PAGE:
SANA’A, YEMEN —Yemen is currently facing war, the coronavirus (COVID-19) and Desert locusts as it tries to avoid acute hunger, according to the World Food Programme (WFP).
The WFP already provides food assistance to approximately half of the population, 13 million people.
The Red Sea Mills, a milling facility rented by WFP, has depleted its stores to Yemen’s starving population almost two years after fighting for cut access, Reuters reported. The facility was the last one in the conflict zone that was caught between forces loyal to Yemen’s internationally recognized government and those of the Iran-aligned Houthi group. Access to the facility was impacted in 2018 and aid agencies were unable to use the facility until September 2019 after a year of negotiations.
According to the WFP, Yemen’s acute food insecurity will increase from the current 25% of the population to 40% by the end of the year in the areas surveyed — an increase from 2 million people to 3.2 million people out of a surveyed population of 7.9 million.
“The picture painted by the latest food security analysis for Yemen’s southern districts is truly heart-breaking,” said David Beasley, executive director of the WFP. “Unless the international community steps up with an urgent injection of funds, we are going to find ourselves right back where we were in 2018, when we had to fight our way back from the brink of a full-scale famine.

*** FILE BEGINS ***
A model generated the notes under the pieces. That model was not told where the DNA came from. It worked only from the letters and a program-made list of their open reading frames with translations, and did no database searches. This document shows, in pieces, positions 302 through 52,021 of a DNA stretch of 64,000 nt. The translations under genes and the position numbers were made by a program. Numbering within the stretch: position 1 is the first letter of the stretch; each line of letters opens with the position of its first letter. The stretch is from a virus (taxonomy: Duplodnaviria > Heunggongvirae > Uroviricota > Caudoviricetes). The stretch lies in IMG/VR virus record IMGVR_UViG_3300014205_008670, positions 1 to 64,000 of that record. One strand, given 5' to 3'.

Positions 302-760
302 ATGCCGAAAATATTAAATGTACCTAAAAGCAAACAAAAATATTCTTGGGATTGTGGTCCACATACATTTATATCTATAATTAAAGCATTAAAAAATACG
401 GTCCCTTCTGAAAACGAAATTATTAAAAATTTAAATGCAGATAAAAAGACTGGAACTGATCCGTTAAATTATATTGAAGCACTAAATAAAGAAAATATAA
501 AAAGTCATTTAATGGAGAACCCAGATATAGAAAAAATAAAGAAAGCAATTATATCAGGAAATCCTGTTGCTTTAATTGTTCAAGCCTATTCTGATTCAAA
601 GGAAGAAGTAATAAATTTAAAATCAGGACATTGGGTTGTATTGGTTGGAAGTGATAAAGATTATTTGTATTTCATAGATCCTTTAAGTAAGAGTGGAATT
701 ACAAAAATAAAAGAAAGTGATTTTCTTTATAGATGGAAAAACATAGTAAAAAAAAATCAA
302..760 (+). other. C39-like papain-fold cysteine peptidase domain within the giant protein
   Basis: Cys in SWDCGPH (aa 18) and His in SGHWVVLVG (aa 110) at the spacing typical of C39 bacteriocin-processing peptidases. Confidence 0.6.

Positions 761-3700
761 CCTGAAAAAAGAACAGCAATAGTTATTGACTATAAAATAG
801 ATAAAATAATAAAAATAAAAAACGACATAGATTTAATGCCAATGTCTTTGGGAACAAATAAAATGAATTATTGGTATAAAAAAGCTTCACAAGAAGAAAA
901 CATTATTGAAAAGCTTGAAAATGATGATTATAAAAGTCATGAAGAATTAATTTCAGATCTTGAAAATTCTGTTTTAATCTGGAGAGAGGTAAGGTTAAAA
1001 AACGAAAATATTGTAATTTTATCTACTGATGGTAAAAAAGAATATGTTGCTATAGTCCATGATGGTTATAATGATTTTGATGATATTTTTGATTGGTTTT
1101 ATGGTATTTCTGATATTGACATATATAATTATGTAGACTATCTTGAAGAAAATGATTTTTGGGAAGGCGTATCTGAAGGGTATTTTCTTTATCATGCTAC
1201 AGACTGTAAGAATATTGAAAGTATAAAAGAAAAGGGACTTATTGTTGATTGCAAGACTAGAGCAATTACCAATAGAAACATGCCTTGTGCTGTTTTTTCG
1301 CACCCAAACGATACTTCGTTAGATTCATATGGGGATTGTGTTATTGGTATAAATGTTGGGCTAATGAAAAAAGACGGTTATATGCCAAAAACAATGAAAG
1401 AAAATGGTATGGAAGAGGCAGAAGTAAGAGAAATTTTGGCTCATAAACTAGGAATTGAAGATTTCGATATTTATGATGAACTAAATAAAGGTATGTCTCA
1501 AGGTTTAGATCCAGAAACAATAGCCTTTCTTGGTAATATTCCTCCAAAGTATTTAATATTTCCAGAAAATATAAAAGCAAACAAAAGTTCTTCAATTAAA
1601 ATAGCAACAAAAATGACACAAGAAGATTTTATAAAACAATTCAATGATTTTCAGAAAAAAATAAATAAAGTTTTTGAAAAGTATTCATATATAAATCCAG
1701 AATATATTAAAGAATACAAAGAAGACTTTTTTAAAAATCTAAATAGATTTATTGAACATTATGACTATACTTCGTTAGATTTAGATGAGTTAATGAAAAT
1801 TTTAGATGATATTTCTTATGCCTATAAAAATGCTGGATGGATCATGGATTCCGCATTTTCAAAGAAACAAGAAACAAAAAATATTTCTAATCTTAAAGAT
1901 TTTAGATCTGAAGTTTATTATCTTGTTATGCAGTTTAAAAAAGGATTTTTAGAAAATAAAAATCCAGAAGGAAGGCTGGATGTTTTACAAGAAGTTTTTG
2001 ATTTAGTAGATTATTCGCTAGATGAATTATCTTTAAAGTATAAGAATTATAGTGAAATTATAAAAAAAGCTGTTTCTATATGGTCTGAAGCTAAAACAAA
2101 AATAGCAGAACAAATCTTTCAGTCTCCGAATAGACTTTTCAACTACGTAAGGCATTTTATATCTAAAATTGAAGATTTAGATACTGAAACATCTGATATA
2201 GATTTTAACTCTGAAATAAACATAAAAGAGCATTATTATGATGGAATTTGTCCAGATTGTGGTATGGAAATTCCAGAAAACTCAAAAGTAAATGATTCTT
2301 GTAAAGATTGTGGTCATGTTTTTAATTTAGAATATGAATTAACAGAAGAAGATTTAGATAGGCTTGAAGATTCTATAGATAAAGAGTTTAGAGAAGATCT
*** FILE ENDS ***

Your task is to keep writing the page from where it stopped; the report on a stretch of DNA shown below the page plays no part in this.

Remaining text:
“The Yemeni people have already been ravaged by years of conflict-fueled hunger and malnutrition, and now COVID-19 is ratcheting up their misery. The world needs to open its eyes to this unfolding humanitarian disaster before it’s too late.”
To continue delivering food assistance through the end of the year the WFP said it needs $737 million.
In some areas, Yemeni families receive assistance on alternative months due to funding shortfalls. The WFP said it may have to further reduce operations if additional funding is not secured.
“Yemen is hanging by a thread,” said Laurent Bukera, WFP country director for Yemen. “The forecast for the next few months is very concerning and it’s essential that we have the resources to be able to continue to deliver food assistance to the millions who rely on it. If we fail to act now, the consequences will be devastating.”
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